The Australian Women Donors Network CEO

Interview with Julie Reilly

“I use my voice is to really frame my message in hard economic terms, not necessarily coming purely from a moral standpoint that’s it’s the right thing to do, but it’s also the smart thing to do.” Julie Reilly, Australian Women Donors Network.


Julie Reilly is one of the most important voices in contemporary Australian philanthropy.

She is CEO of the Australian Women Donors Network, an impactful not-for-profit which unleashes the potential of women and girls.

Having known and worked with this compassionate woman for many years, I can vouch for her desire to create a world where women and girls are valued.

Among her many accomplishments, she is also very proud mum to two beautiful daughters.

Friends, meet Julie…


Martine Harte: Julie Reilly how does the Women Donors Network influence change?


Julie Reilly Australian Women Donors Network: We have a duality about what we do.

Firstly, it’s about building and supporting the donor community that will invest in women and girls.

We recognise that the whole system needs to change if women are to benefit from any sort of funding.

Philanthropy is our focus; money from private donors, from high net wealth philanthropists and from institutional trusts and foundations that we’re trying to influence, to including corporate foundations.

We’ve recognised that unconscious bias plays a big role in funding decisions.

So what we’ve seen is unless grant applications actually include questions that specifically ask people to do a gender analysis, unless they state specifically how a program or a service might be adapted and designed in a way that accommodates the different needs of girls and women, the research tells us women will be underserved and miss out.


Really? So gender comes into every issue?


Julie Reilly: So we’d be saying to people who are funding, to get better impacts on your dollar, (whether it’s in mental health, political research, education, homelessness)  that because of the way we are constrained by gender norms, unless you see gender was part of the solution you are not going to get the best impact.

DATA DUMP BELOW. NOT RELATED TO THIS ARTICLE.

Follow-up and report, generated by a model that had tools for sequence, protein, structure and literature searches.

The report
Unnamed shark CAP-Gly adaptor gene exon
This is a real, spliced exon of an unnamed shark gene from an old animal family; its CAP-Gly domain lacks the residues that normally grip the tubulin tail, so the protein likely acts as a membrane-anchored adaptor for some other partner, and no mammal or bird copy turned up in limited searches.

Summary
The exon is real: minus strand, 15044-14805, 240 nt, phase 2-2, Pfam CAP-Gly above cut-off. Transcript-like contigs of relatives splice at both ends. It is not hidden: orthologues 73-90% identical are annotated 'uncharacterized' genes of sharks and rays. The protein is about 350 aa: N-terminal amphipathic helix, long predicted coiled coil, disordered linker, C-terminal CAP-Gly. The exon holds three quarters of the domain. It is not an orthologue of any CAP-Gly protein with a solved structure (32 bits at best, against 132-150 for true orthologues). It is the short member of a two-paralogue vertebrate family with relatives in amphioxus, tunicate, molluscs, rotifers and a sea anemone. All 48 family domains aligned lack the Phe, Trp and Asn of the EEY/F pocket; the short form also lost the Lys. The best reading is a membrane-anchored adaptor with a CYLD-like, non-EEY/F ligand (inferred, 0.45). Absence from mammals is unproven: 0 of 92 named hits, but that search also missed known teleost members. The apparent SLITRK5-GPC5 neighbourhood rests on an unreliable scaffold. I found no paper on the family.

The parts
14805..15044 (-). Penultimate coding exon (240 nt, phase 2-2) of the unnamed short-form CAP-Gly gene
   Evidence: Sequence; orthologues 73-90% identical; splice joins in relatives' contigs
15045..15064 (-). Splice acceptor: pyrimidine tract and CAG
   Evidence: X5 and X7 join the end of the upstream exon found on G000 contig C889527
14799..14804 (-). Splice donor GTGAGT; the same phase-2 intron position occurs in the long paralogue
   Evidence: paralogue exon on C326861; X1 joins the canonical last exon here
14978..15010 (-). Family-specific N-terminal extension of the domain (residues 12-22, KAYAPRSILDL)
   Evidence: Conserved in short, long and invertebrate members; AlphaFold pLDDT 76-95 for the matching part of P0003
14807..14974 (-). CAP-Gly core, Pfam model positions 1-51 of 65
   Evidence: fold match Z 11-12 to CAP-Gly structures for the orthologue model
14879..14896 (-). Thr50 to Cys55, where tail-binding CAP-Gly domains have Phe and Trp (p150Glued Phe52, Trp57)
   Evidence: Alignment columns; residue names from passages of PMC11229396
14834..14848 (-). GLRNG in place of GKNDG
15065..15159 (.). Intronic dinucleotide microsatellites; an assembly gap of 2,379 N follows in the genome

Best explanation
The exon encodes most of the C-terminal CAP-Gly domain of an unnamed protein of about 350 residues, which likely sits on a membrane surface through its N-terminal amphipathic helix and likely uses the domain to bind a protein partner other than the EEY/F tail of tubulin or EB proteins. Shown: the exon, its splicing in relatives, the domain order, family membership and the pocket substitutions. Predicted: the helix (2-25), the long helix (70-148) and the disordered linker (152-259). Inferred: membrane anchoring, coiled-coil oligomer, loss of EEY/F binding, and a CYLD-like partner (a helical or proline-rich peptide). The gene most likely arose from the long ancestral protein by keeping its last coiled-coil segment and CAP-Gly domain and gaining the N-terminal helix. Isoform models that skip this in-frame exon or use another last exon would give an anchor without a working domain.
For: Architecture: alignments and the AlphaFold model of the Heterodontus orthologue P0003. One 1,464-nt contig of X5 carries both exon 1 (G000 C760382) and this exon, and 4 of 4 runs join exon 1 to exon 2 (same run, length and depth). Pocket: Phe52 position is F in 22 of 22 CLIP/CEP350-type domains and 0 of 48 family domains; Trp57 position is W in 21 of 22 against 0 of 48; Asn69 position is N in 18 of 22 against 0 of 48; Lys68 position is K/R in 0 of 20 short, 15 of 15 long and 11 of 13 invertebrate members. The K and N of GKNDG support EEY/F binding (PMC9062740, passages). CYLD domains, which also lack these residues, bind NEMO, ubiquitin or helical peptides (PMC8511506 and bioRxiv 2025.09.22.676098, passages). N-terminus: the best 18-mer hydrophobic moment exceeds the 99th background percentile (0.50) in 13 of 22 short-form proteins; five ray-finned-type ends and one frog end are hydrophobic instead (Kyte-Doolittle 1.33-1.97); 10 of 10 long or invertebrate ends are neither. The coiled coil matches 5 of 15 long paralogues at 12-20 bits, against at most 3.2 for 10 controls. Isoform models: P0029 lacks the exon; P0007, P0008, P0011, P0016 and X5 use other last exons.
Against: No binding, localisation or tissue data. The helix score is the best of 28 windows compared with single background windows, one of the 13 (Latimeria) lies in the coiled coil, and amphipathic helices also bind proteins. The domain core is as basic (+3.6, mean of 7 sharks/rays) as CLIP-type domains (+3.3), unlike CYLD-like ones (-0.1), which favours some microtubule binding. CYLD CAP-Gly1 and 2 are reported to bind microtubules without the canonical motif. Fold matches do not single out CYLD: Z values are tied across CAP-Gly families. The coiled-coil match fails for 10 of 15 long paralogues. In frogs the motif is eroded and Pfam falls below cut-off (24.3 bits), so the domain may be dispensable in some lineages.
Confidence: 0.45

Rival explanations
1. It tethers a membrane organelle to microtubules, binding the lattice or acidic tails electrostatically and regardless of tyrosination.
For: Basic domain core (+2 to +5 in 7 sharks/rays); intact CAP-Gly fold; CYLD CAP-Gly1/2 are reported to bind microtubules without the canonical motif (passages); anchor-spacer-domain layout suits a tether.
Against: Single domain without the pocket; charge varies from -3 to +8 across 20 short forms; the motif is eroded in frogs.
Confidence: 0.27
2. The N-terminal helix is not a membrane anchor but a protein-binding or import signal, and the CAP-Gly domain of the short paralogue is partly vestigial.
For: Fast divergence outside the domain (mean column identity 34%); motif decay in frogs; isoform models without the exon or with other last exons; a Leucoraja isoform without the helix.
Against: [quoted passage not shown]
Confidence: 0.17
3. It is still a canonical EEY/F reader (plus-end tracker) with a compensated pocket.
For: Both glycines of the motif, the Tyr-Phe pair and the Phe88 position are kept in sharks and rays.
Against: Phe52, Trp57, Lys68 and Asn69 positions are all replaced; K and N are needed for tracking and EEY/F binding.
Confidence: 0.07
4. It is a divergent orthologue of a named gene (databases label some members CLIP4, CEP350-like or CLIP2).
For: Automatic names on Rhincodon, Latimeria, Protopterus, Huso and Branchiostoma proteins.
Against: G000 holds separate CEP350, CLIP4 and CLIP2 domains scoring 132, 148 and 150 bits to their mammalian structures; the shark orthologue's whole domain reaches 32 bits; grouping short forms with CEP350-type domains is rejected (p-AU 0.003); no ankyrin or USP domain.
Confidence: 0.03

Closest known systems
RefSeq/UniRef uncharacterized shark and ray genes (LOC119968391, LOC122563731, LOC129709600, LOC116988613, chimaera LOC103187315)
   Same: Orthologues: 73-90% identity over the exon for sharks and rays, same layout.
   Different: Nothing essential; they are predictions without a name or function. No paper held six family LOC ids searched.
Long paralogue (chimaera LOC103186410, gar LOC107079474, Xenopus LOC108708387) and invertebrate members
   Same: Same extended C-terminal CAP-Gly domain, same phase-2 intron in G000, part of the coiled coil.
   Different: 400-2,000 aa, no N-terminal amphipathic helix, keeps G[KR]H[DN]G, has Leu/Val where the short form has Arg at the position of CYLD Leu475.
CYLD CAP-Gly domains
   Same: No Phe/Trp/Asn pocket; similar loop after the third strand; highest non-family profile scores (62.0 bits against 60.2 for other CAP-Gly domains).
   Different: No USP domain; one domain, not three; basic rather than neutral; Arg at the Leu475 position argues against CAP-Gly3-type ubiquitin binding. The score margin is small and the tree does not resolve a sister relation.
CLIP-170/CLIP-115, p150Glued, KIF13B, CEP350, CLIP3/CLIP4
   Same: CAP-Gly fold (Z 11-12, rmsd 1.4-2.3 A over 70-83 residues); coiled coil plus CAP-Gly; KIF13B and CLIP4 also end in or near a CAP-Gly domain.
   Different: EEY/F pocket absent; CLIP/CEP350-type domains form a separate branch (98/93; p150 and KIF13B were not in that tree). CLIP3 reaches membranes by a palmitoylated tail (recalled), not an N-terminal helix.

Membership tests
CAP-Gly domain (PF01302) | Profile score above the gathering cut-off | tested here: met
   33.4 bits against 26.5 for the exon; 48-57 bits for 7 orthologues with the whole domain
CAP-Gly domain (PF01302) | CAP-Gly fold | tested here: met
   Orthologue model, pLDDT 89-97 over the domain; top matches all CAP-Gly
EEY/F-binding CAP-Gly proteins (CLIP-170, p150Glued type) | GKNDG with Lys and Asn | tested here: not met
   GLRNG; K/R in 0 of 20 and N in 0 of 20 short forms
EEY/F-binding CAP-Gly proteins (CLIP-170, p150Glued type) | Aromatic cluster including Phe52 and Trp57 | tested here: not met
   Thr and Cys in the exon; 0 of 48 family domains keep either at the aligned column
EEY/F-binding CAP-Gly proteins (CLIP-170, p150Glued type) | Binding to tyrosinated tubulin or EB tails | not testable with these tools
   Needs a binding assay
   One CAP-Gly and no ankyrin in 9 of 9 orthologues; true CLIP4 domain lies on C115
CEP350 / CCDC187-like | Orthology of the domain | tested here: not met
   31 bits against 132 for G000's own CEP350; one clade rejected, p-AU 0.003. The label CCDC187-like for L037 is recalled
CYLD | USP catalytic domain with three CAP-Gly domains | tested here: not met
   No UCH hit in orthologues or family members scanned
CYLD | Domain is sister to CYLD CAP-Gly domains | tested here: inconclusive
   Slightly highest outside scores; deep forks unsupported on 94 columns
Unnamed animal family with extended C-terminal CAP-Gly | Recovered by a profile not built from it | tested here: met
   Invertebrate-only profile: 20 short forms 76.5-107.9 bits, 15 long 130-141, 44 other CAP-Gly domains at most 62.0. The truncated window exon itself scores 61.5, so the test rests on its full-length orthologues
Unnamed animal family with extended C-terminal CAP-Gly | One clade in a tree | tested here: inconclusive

How much of the philanthropy pie do women and girls attract? 


Julie Reilly: To be honest Martine we don’t know for sure, because the data is not very reliable but our best guess is at most 12% of philanthropic funding would go to projects focussed on women.

That’s not to say that in the remaining 88% women don’t get a benefit from other projects.

If we took the example of Indigenous youth, to keep them engaged at school, very often the program is a sports program such as an AFL Football program. It is not necessarily designed and delivered in a way that recognises some of the girls may not want to play footy with the guys.

The Smith Family do take a gender lens to their programs, they’ve actually developed a program specifically for Indigenous girls which is really an arts-based program.

It’s about recognising what’s going to work.


Because it’s often despite our best intentions that unconscious bias permeates the world? I’m sure the people developing the Indigenous program weren’t trying to deliberating exclude girls?


Julie Reilly: You are absolutely right and that’s our starting base.

We come from a position that people involved in philanthropy want to make the world a better place, they want to overcome disadvantage and they want high impact from the dollars they invest.